The export of rubber products, especially latex gloves, earns millions every year. Combined with earnings from rubberwood furniture export, NR is still a major economic force. With the right policies, this could be sustainable.
In recent years, NR prices have shown positive trend, reaching an unprecedented high of more than RM10 per kg. Investors are re-evaluating NR's tag as a sunset industry. Is NR bouncing back? It is still too early to make any conclusion, but the signs are encouraging.
For Malaysia, income from oil exports will start declining once the country becomes a net importer, as expected within a decade. We need to explore other income sources. The Academy of Sciences Malaysia recently teamed up with the Malaysian Rubber Board to explore such opportunities.
A forum was held to discuss how science and technology can chart new directions for the natural rubber industry. The verdict was that NR can bounce back if the right strategies in science, technology and innovations are pursued.
We now live in a new global business environment. Buying environmentally-friendly products or "green purchasing" is more popular; indeed, it has become regulatory practice in many countries. There is also a growing preference for natural and renewable materials. NR is definitely natural and renewable, commanding preference over synthetic materials in green economies.
At the moment, NR is still a thriving global business. The world NR production increased from six million tonnes in 1995 to 9.6 million tonnes last year. Consumption has also increased to 9.5 million tonnes. Demand is not a problem for NR.
Among the NR-producing countries, only Malaysia has shown a decrease in production. The biggest increase has been in Vietnam, where production rose nearly 500 per cent for the period 1995-2009. Malaysia's production decreased by 21 per cent during the same period. NR acreage in Malaysia is also on a downward trend.
NR consumption in Malaysia is 595,000 tonnes, of which more than 470,000 tonnes end up as latex products. Malaysia is now the world's largest consumer of latex concentrate, the world's largest supplier of medical rubber gloves and the world's largest supplier of latex thread and cord.
The import of NR into the country has been increasing. Last year, total NR import exceeded 730,000 tonnes. Exports, however, declined to about 700,000 tonnes. With the decline in rubber cultivation, not only is export revenue decreasing, there is also a worrying dependence on imports.
This may not be sustainable because when the other producing countries start expanding downstream, they will have less latex concentrate for export. This means Malaysia's latex products sector will be adversely affected.
Annual world rubber consumption is expected to reach 28 million tonnes by 2018, about half of it NR. More than 65 per cent of NR consumption is now in Asia, with China leading. Vehicle tyres account for 80 per cent of NR use, with Asia a dominant market.
There is certainly demand, but supply may face challenges. There are constraints on further yield improvement. Climate change is a factor. There are now more rainy days to dilute the latex, higher morning temperatures affecting latex flow, extended wintering days, and the emergence of new diseases, all contributing to tighter supplies and partly to higher prices.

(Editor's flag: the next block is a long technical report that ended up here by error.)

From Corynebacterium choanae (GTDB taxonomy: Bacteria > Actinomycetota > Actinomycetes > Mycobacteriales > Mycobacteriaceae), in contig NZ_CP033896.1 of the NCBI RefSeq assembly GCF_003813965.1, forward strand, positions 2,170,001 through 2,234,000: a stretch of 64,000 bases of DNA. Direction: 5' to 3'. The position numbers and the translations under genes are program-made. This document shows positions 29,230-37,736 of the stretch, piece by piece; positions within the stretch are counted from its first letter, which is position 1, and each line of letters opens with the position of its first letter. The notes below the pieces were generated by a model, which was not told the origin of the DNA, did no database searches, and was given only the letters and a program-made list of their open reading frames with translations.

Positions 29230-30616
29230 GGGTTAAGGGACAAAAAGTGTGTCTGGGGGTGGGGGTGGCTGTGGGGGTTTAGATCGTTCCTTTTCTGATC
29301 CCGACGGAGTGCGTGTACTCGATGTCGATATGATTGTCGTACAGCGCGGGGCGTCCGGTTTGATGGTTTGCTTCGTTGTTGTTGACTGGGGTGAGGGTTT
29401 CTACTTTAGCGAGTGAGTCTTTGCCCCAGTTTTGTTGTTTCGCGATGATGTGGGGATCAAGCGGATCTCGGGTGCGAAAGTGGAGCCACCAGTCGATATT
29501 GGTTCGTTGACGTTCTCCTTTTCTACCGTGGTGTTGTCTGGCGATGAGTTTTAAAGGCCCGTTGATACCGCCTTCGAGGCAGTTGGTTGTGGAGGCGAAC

Malaysia is now behind Thailand and Indonesia in NR production. Very soon, India's production may also exceed Malaysia's. Though oil palm has taken most of the areas earlier under NR, there are still sizeable areas available for NR, especially in the drier north where oil palm does not perform as well. Why aren't big plantations venturing there?
For that matter, why aren't big rubber plantation houses venturing into Indonesia and the other emerging rubber-growing countries? China and even Vietnam are already looking beyond their borders to plant NR.
The focus should be on new and unique downstream technologies in latex products and the dry rubber products that would strengthen Malaysia's position. The Malaysian NR industry should capitalise on the growing green consumerism movement in the world.
Modification work on NR, whether chemical or biological, should be a useful research area not only for developing new materials but also to improve the properties of NR vis-a-vis competing materials such as synthetics.
The rubberwood sector needs careful planning, including forest plantation programmes and other process improvement.
Research in the basic science of NR needs renewed vigour. We also need to research new rubber-like materials which can complement NR in production. Already we hear of a promising rubber crop that produces latex without the allergenic proteins associated with Hevea.
New breakthroughs in genetic engineering make it technically feasible to deploy the rubber tree as a biofactory for various products, including pharmaceuticals and fuel. The potential application of nanotechnology to further improve NR properties calls for serious research.
Technology indeed holds the key to the future of NR. It would be strategic to establish a technology intelligence group tasked with the responsibility of collating information on global technology developments related to the NR industry.
With the emergence of new scientific tools, NR can harbour new hopes. With the right investment in scientific research and development, there is no reason why the glory days of NR cannot return.
The writer is a fellow of the Academy of Sciences Malaysia